Milestones:Manufacture of Transistors, 1951
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Latest revision as of 13:54, 5 April 2012
Manufacture of Transistors, 1951
Allentown, PA Dedicated April 1989 - IEEE Lehigh Valley Section
The commercial manufacture of transistors began here in October 1951. Smaller, more efficient, and more reliable than the vacuum tubes they replaced, transistors revolutionized the electronics industry.
The plaque can be viewed at At&T, 555 Union Blvd., Allentown, PA, U.S.A.
At the end of World War II, a decision was made by Bell Labs' management to undertake an organized investigation to develop a smaller, more powerful, faster and more reliable device to replace the vacuum tube. This set the stage for the discovery of the transistor; an invention which revolutionized our electronic age. Three Bell System scientists, Walter H. Brattain, John Bardeen, and William Shockley, are credited with this invention which had a far-reaching impact on science, technology and society. Pooling their creativity, this notable trio evolved and tested their theories and hypotheses. They recognized the need for an interdisciplinary approach and recruited chemists and metallurgists as well as theoretical and experimental physicists to work on the project. The effort concentrated on producing what came to be the essential prerequisite for success: single-crystal semiconductor specimens of high purity to which very small amounts of specific impurities could be added in controlled quantities.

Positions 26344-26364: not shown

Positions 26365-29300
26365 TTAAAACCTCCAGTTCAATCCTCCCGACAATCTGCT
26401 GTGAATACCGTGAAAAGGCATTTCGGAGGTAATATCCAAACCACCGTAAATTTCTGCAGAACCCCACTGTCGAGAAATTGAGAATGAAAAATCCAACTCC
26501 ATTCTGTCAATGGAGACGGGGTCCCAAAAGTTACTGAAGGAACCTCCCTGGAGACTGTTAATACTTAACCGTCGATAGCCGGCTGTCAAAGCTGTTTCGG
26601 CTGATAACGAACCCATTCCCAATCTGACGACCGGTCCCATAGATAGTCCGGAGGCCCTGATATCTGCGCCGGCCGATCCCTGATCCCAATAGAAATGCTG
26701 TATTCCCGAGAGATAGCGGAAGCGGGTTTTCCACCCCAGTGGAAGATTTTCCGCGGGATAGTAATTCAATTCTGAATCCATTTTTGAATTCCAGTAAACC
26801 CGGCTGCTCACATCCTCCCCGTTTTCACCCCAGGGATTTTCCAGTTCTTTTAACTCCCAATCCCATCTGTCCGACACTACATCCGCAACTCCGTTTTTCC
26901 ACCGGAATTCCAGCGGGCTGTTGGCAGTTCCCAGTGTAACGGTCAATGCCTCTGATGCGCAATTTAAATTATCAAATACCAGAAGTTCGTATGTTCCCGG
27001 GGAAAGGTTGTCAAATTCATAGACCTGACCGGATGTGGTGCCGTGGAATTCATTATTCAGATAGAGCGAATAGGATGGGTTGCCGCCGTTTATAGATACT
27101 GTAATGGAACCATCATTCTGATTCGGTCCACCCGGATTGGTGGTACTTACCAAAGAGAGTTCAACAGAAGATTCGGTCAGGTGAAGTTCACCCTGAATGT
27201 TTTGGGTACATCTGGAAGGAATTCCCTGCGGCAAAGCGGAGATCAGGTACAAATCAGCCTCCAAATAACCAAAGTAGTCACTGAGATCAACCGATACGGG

Invented at AT&T Bell Laboratories 23 December 1947, the transistor replaced the vacuum tube amplifier and provided a tiny, reliable, and relatively inexpensive substitute for the relays in electromechanical telephone exchanges. The transistor ushered in the "solid-state revolution," spawned today's worldwide semiconductor electronics industry and made possible dramatic changes in communications, computing, entertainment, medicine, space exploration and a host of other fields.
On 1 October 1951 the first line for the mass production of transistors was started at the Allentown Works. Throughout the 1950s, Allentown engineers and employees in development shops invented, designed and constructed the equipment needed to manufacture transistors. Since 1951, when 6,000 transistors were made, technology has continually evolved.
In 1947, the transistor had to be assembled manually by Bell Laboratories. Manual assembly was performed in volume quantities due to the minuteness of the components, rigid spacing requirements and changes made in specifications. Allentown Western Electric Company mechanized the process when they started transistor mass production in 1951. At that time, the transistor was only a few years old and mechanization was particularly difficult due to ongoing developmental efforts. The final product was a transistor made of crystalline perfection and remarkable purity. It was characterized by a long service life and inexpensive reproducibility. Changing from manual assembly to mechanized assembly was accomplished through the inventiveness, ingenuity and teamwork of engineers from Bell Labs and Western Electric.